Apple and Samsung are no longer fighting. In the legal system, at the very least. The two tech giants have finally ended a 7-year patent battle in which both companies argued the other’s phones used technology that had already been patented.
According to The New York Times, the series of legal battles all stem from an initial 2011 lawsuit Apple filed against Samsung for using technology in the company’s iPhone design. The next few years were full of countersuits, appeal hearings, and various trials. There was even a case heard by the Supreme Court in 2016.
The Times reported that the two sides officially settled all of their claims against one another on Wednesday, bringing an end to a long, drawn-out battle over phone technology in which Apple even tried to block Samsung phones from reaching the market.
The legal battles have gone on so long that the phones included in many of the lawsuits were not even available for sale anymore, which means that the struggle mainly came down to monetary settlements. And, when you consider all the legal fees both sides racked up over the last seven years, the results aren’t all that impressive.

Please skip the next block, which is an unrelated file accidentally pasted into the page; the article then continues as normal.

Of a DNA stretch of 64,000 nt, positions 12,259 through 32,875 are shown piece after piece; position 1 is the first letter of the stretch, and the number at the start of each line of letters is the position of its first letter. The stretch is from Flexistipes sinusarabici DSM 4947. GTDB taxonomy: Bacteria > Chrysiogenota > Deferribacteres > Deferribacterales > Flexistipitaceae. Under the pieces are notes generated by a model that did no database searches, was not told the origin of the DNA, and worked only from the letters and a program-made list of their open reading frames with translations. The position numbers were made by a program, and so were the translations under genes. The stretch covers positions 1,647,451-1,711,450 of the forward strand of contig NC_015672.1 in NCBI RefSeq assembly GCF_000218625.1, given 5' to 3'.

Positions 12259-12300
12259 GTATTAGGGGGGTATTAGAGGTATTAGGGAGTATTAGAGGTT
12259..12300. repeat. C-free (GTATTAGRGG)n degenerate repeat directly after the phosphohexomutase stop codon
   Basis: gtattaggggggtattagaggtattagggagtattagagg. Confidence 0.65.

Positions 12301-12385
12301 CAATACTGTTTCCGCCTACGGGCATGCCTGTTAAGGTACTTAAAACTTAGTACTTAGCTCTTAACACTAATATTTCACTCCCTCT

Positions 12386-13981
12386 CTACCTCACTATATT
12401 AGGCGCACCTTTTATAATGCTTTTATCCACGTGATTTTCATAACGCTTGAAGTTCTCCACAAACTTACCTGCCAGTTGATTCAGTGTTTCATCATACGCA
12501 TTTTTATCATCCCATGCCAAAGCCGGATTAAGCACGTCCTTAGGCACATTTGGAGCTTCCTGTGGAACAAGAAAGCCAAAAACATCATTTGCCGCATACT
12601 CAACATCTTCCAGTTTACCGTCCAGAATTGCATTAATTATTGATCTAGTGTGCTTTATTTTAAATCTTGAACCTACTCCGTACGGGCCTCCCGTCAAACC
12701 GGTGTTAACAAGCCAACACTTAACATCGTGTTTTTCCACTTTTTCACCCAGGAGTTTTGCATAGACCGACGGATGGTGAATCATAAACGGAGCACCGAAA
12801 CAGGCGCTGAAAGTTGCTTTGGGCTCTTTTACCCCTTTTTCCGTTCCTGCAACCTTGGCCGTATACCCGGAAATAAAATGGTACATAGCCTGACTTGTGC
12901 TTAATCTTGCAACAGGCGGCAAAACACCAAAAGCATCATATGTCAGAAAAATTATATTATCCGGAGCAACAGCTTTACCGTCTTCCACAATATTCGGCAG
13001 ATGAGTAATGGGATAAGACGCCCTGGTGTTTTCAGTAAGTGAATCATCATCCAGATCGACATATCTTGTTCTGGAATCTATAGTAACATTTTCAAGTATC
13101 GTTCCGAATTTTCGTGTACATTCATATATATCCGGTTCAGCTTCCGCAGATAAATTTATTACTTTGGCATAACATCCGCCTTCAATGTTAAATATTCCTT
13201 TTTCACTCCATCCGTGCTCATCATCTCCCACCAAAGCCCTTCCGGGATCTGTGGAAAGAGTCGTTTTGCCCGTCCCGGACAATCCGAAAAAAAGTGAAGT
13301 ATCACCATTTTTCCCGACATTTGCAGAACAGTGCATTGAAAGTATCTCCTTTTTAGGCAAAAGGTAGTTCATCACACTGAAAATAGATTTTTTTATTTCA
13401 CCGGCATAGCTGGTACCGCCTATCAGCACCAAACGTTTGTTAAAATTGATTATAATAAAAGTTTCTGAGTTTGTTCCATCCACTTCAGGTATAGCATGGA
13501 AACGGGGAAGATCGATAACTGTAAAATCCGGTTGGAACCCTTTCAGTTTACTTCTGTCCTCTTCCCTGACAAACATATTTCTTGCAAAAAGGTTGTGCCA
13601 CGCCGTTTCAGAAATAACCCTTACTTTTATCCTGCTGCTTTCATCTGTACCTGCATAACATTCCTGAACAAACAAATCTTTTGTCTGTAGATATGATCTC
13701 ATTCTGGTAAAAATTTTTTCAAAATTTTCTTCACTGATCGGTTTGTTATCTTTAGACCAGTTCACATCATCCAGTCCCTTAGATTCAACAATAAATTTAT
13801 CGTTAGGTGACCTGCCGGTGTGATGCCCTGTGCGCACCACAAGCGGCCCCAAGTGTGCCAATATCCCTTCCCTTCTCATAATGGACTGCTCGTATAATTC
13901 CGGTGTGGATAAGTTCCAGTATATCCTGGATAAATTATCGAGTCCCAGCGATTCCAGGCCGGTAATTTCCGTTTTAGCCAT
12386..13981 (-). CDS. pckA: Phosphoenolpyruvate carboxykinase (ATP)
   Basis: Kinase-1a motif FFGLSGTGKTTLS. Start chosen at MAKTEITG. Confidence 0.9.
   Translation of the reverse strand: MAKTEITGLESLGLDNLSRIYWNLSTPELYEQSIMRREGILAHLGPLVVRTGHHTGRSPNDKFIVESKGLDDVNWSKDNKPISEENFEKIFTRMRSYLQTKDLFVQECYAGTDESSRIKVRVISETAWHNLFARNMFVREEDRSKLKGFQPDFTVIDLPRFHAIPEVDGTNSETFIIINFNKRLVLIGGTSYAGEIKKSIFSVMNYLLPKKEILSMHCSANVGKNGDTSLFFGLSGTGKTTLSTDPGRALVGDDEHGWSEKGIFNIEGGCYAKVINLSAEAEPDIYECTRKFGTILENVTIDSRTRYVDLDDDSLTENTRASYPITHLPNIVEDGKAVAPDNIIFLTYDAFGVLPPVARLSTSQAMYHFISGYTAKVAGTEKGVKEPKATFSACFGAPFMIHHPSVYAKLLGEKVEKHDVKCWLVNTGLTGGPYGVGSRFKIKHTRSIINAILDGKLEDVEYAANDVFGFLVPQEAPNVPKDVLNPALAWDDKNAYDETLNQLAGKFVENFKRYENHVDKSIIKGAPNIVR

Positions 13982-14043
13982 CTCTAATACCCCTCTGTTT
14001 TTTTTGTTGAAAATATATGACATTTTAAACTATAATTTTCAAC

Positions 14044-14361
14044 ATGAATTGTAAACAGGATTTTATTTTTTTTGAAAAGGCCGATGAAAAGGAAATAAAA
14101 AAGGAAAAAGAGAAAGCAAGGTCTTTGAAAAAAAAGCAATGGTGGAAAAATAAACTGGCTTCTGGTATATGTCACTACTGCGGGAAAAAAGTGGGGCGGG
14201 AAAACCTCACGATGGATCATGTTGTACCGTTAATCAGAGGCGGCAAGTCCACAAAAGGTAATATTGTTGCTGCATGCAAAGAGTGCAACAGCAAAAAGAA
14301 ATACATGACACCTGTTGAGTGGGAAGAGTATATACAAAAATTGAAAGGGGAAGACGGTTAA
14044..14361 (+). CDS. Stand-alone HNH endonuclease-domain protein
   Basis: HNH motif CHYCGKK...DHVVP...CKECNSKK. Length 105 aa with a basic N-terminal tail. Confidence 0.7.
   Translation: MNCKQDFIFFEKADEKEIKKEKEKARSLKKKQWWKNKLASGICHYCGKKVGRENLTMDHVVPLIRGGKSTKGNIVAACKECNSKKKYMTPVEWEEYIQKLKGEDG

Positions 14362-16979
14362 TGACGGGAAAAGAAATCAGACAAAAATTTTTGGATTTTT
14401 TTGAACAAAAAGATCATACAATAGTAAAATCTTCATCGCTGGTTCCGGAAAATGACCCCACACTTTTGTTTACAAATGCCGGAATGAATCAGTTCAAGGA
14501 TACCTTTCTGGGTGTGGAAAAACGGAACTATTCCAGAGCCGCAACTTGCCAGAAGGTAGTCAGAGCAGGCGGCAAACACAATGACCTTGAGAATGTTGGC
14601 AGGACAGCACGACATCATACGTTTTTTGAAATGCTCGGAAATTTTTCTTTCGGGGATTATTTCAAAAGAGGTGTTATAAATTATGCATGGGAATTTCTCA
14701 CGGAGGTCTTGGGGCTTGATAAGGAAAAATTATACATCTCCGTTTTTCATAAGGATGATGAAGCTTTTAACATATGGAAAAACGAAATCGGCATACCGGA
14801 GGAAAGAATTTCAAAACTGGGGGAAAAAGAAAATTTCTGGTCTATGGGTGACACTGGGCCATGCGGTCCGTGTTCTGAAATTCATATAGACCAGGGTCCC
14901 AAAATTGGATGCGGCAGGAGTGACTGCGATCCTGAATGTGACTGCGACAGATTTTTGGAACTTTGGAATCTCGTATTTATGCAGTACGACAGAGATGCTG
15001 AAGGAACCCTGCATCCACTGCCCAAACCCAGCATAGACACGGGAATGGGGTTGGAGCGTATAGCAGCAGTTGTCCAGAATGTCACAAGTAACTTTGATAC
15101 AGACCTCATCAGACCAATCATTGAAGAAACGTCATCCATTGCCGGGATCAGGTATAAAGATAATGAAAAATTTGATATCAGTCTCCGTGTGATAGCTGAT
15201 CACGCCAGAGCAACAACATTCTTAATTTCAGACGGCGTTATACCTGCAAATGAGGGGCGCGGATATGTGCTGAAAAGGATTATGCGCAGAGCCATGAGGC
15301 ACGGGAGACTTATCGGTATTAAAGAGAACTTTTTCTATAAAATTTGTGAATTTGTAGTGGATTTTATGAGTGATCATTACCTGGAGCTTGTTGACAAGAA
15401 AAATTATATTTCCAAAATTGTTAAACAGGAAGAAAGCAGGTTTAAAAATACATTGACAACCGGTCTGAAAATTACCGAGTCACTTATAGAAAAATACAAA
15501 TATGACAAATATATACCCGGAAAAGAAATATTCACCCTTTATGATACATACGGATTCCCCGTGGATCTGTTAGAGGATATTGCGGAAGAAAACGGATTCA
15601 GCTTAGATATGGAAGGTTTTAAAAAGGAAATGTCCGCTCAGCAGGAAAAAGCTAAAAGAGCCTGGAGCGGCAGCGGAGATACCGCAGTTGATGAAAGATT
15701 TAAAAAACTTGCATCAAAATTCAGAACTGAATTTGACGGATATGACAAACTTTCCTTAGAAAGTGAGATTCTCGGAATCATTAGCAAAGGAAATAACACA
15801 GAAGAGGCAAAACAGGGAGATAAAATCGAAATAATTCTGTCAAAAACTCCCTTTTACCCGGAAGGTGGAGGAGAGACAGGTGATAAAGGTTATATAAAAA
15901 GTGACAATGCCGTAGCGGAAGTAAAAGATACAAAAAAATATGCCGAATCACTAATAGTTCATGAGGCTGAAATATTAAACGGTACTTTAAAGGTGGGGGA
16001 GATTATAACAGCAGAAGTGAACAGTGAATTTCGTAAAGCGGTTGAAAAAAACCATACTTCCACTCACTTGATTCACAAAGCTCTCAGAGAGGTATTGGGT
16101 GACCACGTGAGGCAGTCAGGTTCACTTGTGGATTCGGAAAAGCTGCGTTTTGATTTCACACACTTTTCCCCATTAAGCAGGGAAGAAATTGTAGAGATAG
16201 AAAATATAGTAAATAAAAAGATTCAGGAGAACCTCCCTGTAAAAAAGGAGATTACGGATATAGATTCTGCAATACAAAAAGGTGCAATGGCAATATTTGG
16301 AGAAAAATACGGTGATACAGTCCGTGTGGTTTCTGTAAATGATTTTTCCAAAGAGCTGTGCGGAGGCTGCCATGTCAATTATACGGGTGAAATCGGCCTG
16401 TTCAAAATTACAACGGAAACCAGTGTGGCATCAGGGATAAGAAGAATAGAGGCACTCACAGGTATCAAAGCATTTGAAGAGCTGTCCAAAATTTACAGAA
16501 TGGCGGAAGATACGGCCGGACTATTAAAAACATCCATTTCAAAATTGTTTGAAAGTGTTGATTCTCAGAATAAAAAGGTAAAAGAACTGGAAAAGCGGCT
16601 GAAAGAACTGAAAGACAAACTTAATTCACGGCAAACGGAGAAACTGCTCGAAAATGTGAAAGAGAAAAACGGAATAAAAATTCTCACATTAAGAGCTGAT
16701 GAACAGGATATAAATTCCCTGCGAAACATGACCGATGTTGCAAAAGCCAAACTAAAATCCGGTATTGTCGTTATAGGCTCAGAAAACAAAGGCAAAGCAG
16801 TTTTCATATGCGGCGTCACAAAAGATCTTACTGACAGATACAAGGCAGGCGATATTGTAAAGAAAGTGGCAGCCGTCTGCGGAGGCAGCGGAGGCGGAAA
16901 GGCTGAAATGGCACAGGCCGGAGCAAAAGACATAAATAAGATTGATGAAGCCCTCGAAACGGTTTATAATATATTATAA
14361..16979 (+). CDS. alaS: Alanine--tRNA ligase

The Times reported that Apple wanted more than $2 billion in damages, while Samsung claimed it was owed $28 million. A jury ruled initially that the number was around $1 billion, but another decision brought that amount down to $539 million. Samsung had filed yet another appeal to that ruling earlier in the month, but the two sides finally agreed to a settlement to end the dispute on Wednesday.
That sounds like a lot of money, but considering Apple has $267 billion in cash in its reserves, it’s small change after what became a vast, expensive battle. The Times has some quotes from analysts that minimize the result of a fight that took the better part of a decade.
“And if I had to characterize it, it didn’t really accomplish anything,” said Brian J. Love, a Santa Clara University law professor who tracked the case. “Close to a decade of litigation, hundreds of millions of dollars spent on lawyers, and at the end of the day, no products went off the market.”